A few days ago I ordered, and received, two of each.

  • Yongnuo RF-603NII wireless transmitters and receivers;
  • Yongnuo YN560-III Speedlites (with built in wireless receivers compatible with the above RF-603’s);
  • BAVA Speedlite and Umbrella light stand mounts;
  • Westcott 43 inch Umbrellas.

This past Saturday I had a chance to try them out with Alyson at her home! I had previously booked a session on Saturday with Alyson, and I was going to use just my hot shoe mounted Nikon SB-800 Speedlight to do the job, but the arrival of the remote lighting gear presented an opportunity that I couldn’t resist! The timing couldn’t have been more perfect either because it was really dark that day. Heavy overcast and rain – so ambient light was minimal.

I set the lights up in her living room. From the perspective of the camera – one about 45 degrees off to the left, and up from the center of Alyson’s sofa, and the second one on the right side maybe slightly further away and about the same height – and with less power.  I mounted one of the transmitters to the hot shoe of the camera, and then shot a few test shots to adjust the power output of each of the speedlites. The goal was to use the first one as the primary light, and the second as fill.  There was also a window near where the fill light was positioned that brought in some ambient light too, but it was minimal.  Below are the results…  (clicking on any of the photos will open up a larger version)

Alyson, sitting center of sofa  (the vignetting I did in post using Lightroom)

As you can tell by the size of her pupils, it was fairly dark in the room, but the wireless speedlites did a great job of creating a nice, natural effect. The hair looks good, and there are no harsh shadows that you can get without some sort of diffusers over the flash.


In this photo I moved over almost directly under my primary light and shot the sofa on a slight angle. Again the lighting did a great job of creating a nice natural look.  In hindsight, if I was going to do this over again. I would close the aperture a couple of stops to increase the depth of field, and then compensate by increasing the flash output power. As shot, the depth of field is a bit too shallow and her fingers are slightly blurry.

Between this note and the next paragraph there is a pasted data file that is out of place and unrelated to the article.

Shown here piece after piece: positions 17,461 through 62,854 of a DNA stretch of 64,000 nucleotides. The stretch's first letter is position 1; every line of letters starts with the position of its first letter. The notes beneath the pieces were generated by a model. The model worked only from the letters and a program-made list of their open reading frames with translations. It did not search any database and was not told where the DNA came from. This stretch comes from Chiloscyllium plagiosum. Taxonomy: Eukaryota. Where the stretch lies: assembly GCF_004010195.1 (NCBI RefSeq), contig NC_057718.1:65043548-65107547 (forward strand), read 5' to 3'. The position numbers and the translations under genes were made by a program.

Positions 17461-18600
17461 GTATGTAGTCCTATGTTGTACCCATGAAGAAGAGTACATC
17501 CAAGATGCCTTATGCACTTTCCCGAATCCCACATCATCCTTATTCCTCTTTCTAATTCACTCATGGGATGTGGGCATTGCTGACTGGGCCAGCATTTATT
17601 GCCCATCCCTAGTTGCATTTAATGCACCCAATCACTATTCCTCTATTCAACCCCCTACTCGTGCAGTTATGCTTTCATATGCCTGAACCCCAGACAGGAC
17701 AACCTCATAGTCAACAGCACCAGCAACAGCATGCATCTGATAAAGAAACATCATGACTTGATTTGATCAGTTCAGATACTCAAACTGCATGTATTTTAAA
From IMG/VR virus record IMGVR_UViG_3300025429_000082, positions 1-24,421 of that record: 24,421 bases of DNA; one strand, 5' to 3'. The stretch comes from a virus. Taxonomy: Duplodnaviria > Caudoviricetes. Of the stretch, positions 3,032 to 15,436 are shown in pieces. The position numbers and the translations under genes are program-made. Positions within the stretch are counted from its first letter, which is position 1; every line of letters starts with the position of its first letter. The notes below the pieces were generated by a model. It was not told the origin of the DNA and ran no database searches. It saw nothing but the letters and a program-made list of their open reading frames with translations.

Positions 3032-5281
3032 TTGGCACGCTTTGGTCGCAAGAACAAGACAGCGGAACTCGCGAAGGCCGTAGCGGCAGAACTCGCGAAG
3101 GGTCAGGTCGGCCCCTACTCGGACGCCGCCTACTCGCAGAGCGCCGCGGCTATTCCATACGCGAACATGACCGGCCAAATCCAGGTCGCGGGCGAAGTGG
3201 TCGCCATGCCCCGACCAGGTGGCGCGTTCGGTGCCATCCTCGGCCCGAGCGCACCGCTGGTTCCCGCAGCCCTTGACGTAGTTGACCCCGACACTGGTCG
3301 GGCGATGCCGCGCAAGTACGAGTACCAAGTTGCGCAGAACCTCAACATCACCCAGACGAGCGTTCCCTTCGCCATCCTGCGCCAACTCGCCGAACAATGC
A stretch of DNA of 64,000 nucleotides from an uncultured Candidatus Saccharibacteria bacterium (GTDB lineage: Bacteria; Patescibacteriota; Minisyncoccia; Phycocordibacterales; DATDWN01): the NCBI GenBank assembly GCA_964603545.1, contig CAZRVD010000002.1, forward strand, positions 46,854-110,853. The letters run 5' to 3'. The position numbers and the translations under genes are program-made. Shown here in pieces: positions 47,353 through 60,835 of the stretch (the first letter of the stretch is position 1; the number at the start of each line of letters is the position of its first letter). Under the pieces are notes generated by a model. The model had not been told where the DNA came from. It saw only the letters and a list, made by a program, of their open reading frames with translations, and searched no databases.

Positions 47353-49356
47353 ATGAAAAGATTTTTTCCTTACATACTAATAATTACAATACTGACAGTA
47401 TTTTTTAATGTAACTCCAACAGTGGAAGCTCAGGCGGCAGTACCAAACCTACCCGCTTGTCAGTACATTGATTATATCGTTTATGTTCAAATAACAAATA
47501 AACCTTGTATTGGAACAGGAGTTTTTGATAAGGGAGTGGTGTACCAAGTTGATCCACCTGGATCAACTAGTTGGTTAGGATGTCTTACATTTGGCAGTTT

With flash photography:
Adjusting the shutter speed up or down – adjusts how bright the ambient light appears in a photo.
Adjusting the aperture open or closed – adjusts how bright the flash appears in a photo.

So if I would have closed the aperture a couple of stops, the flash output would have looked weaker in the photos. To compensate for that I would have needed to increase the output power of the flash heads (Speedlites)…


And finally here’s a shot with Alyson laying on her side, and with me moved back more squarely in front of the sofa again.

All-in-all I’m very pleased with my lights!!  They are just Speedlites that run on 4 X AA batteries each, so no cords, and they have built in wireless receivers so they can be fired wirelessly from the transmitter mounted on the hot shoe of the camera!  Totally portable so I can take them where needed, and because they are just Speedlites that you would normally mount directly on the hot shoe of a camera, they are not at all heavy!!  Outdoor use though would require a few sandbags on the light stand legs to prevent wind from catching the umbrellas and tipping them over.

As a bonus, because the two Speedlites have their own built in receivers, that means I have an extra transmitter that I could set to be a third receiver and attach my Nikon SB-800 flash to it for a three remote light setup, OR I could set the transmitter mounted on the camera to transmit AND receive mode, and then use the extra transmitter to remotely trigger the shutter release on the camera.  This means I could get the lights all set up, mount the camera on a tripod, and then get in the scene myself, and push the button on the spare transmitter to take a picture of myself!!  Not that I would ever do that, trust me, Alyson is about 1 million times better to look at than me, but I could do that if I wanted!!  🙂

Next on my list…  Backdrops!  🙂

Below are a few shots that I took of just one light stand for illustrative purposes…

Light stand, Umbrella, and Speedlite

Diffuse, through the Umbrella light

A more directional, and shaped light reflected off the inside of the Umbrella

Speedlite settings.  Currently, 1/3 of a step over 1/128 power. 1/128 power is the lowest it will go.  Full power would be represented as 1/1 power.